b. Ata Malik Juwaini aka Alau-ud-din Juwaini (with his work Tarikh-i-Jahan-Kusha)
c. Maulana Nuruddin Muhammed ‘Ufi, who lived in Delhi during Altamash’s period (with his work Jami-ul-Hikayat wa Liwami-ul-Riwayat)
d. Minhaj-i-Siraj (with his work Tabkat-i-Nasiri)
The above authors too make no mention of the Minar. If it was one of the biggest constructions of that era, these people, who were living in Mehrauli and writing particularly on Qutb-ud-Din Aibak must have mentioned about it.
Fatuhat-i-Feroz Shahi, written by Sultan Feroz Shah Tughlaq himself has a mention of Qutb Minar. It says:
“The minara of Sultan Muizz-ud-din Sam had been struck by lightning. I repaired it and raised it higher than it was before”
It should be noted that Feroz Shah Tughlaq also repaired other monuments and mentions their correct names like Hauz-i-Shamsi, Hauz-i-Alai, Madrasa of Altamash, Rukn-ud-din’s Tomb, Sultan Jalal-ud-Din’s Tomb and so on. Tarikh-i-Firozshahi written by Shams-i-Siraj Afif however refer to this Minar as “the large pillar at old Delhi” raised by Sultan Shams-ud-Din Altamash. Ibn Batuta was not sure who built this minar so all he wrote about the builder was “Is it the minar of Feroz Shah?” Babur in his memoirs mention about this minar as the Minar of Sultan Alauddin Khilji. This shows that even till late 16th century, this minar was not attributed to Qutb-ud-Din Aibak. It was known by the names of Altamash, Khilji or Tughlaq, who we know built and repaired portions of the minar.
A Translation of glyphs on the entrance gate of Qutb minar say:
“The prophet on whom be the mercy and peace of God, has declared “whoever erects a temple to the true God (on earth,) shall receive six such ‘dwellings in Paradise’. The Minar, the building of the king of kings, Shems-ud-Dunya-wa-ud-Din, now in peace and pardon, be his tomb protected, and his place be assigned in heaven ____ was injured by lightning in the reign of the exalted monarch Secander the son of Behlol : (may his power and empire last for ever and his reign be glorious); and therefore the slave Fatteh-Khan, the son of Mesned-Ali the liberal of the liberal, and the meritorious servant of the king _____________, repaired it according to command. The 13th of Rebi-ul-Akher in the year 909.”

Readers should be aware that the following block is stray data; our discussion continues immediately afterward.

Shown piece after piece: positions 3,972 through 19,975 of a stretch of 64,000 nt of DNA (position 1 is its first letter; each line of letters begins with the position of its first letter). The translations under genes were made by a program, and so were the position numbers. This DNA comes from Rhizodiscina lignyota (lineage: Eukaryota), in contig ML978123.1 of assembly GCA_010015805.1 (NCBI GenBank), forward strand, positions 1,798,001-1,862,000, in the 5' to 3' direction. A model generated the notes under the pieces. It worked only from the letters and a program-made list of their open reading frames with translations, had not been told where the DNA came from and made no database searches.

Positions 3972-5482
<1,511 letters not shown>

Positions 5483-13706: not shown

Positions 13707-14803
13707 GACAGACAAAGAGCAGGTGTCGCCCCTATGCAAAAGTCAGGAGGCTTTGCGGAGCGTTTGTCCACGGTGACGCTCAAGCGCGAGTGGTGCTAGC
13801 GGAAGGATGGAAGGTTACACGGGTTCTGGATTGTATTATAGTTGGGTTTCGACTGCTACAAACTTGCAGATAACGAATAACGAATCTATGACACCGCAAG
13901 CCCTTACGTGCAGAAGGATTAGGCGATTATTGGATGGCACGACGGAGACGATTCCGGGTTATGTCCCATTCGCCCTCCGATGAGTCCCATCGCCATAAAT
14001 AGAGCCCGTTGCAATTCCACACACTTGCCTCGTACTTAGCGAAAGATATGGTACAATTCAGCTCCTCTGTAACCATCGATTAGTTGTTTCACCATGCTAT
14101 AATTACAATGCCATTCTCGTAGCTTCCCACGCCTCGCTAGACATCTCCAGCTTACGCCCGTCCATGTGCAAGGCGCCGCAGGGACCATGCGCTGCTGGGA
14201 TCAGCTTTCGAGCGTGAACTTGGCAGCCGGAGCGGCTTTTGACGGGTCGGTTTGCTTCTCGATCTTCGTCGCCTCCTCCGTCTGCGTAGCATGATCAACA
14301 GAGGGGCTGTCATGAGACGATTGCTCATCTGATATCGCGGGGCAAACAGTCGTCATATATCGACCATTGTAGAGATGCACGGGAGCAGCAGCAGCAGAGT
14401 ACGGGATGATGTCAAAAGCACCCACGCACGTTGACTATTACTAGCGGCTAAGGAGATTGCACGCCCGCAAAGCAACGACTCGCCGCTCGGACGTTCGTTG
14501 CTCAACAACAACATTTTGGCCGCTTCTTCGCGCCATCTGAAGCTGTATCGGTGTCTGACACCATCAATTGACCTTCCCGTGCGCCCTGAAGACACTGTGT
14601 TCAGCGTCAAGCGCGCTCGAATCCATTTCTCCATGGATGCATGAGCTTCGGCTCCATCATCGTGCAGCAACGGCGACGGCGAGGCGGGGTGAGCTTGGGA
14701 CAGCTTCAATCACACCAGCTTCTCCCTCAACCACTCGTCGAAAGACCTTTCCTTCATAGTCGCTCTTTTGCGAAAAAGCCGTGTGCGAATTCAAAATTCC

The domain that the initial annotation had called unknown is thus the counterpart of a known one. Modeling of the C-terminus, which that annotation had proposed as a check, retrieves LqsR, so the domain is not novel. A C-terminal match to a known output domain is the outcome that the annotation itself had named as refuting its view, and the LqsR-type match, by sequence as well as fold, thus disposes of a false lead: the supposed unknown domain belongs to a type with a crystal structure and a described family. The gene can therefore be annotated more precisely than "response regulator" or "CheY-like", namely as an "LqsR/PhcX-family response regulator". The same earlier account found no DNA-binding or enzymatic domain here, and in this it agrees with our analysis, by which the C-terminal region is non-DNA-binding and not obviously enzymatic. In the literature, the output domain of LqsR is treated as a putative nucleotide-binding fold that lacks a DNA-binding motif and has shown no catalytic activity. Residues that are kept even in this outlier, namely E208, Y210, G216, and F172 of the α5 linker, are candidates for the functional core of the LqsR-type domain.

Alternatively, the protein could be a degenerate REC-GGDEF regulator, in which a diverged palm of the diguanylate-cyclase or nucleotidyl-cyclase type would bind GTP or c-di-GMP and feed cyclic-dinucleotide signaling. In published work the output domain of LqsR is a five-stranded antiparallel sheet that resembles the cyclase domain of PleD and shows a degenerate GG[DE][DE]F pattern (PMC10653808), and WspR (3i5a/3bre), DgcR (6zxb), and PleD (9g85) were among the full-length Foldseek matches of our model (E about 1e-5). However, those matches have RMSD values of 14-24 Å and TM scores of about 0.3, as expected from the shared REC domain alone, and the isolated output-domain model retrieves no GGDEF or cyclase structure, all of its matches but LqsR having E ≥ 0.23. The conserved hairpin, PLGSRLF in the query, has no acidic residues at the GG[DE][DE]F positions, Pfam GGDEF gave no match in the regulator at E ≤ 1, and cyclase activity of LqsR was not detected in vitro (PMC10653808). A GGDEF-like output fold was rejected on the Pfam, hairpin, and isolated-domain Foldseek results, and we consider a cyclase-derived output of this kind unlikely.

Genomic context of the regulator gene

MINARETS OF JAM, GHAZNI AND KONYE
Reputed historian Sir Syed Ahmed in his work Athar-us-Sanadid said that this Minar was actually built by Prithvi Raj Chauhan so that his daughter can have a view of Jamuna river. But if it is true, then its design and architecture must be unique and not match with the other Minars of Islamic countries.
Minaret of Ghazni:
Built by Muizuddin Bahram in 10th century in the city of Ghazni. It is little different from the Qutb Minar but has many similarities, like built by same generation of rulers and it is also the minaret of a mosque.
Minaret of Gutluk Temir in Konye-Urgench:
This is the third tallest brick minaret in world built in Old Urgench city of Turkmenistan in 11th century.
Minaret of Jam:
This Minaret, very much similar to the architecture of Qutub Minar is situated in Shahrak District of Ghor Province of Afghanistan. It is right next to the Hari River. This 65 metre high minaret was completed in 12th century. This place (called Firuzkoh) was the summer capital of Ghorid Dynasty (from whence Qutbuddin Aibak came). This is the second tallest brick minaret of world and was probably attached to a mosque, just like Qutb Minar.